Project Nimbus Screen 10

All of this was rendered in an art style that successfully gives off the impression that you’re looking through the electronic eyes of your mech, complete with health displays, ammo count, targeting reticles, mission updates, weapon selection, and a close up view of your current target, without taking too much of a toll on the old graphics card. That is to say, the visuals aren’t that far above what you’d find in one of those old arcade shooter machines like Time Crisis or Area 51. And there’s not necessarily anything wrong with that. After getting used to the gameplay system you can tell what and where everything is, and that should be enough for those not coming in expecting pretty pictures over mecha badassery.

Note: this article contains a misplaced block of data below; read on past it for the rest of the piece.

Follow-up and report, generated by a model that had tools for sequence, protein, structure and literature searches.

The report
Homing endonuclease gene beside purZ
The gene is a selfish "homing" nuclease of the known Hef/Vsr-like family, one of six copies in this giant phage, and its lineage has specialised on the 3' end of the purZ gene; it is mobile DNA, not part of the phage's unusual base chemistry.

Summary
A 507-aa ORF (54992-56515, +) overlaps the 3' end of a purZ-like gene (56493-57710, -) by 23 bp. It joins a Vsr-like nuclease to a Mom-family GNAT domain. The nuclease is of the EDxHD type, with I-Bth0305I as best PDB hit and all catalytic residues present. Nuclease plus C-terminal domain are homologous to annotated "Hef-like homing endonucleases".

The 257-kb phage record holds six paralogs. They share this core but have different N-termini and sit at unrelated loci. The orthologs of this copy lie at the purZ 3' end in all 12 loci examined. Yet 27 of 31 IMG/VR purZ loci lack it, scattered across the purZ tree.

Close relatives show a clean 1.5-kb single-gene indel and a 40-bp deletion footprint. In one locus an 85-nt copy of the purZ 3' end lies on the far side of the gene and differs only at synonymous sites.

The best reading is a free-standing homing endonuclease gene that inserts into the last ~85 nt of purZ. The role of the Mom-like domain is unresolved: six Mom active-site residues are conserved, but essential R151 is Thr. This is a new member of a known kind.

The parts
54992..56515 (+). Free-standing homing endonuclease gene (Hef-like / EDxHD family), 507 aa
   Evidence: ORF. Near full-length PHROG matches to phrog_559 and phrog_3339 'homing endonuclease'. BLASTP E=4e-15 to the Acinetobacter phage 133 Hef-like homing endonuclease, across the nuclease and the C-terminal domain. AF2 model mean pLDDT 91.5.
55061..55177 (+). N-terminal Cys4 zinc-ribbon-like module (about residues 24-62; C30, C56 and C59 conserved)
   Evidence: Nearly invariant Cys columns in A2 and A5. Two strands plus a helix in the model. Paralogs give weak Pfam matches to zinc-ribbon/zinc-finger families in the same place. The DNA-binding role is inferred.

Although one thing that this design choice did ultimately hurt was the level design itself. Surfaces and structures in the game have a bad habit of looking bland or non-discript to the point where I found myself colliding with a lot of the terrain as I tried to navigate through passageways and confined spaces while being shot at (and this was certainly the game’s fault and not a result of my own ineptitude, no sir). The developers here have apparently chosen not to have collisions damage your health, a design decision which can in certain situations be justifiable. The one thing I will say on the matter is that part of the way a game discourages the player from doing something wrong is by hurting their score or whatever health bar they have. When I bump my giant robot into buildings and walls instead of using it to fight other giant robots, I’m not giant roboting correctly. Yet I receive no penalty for it.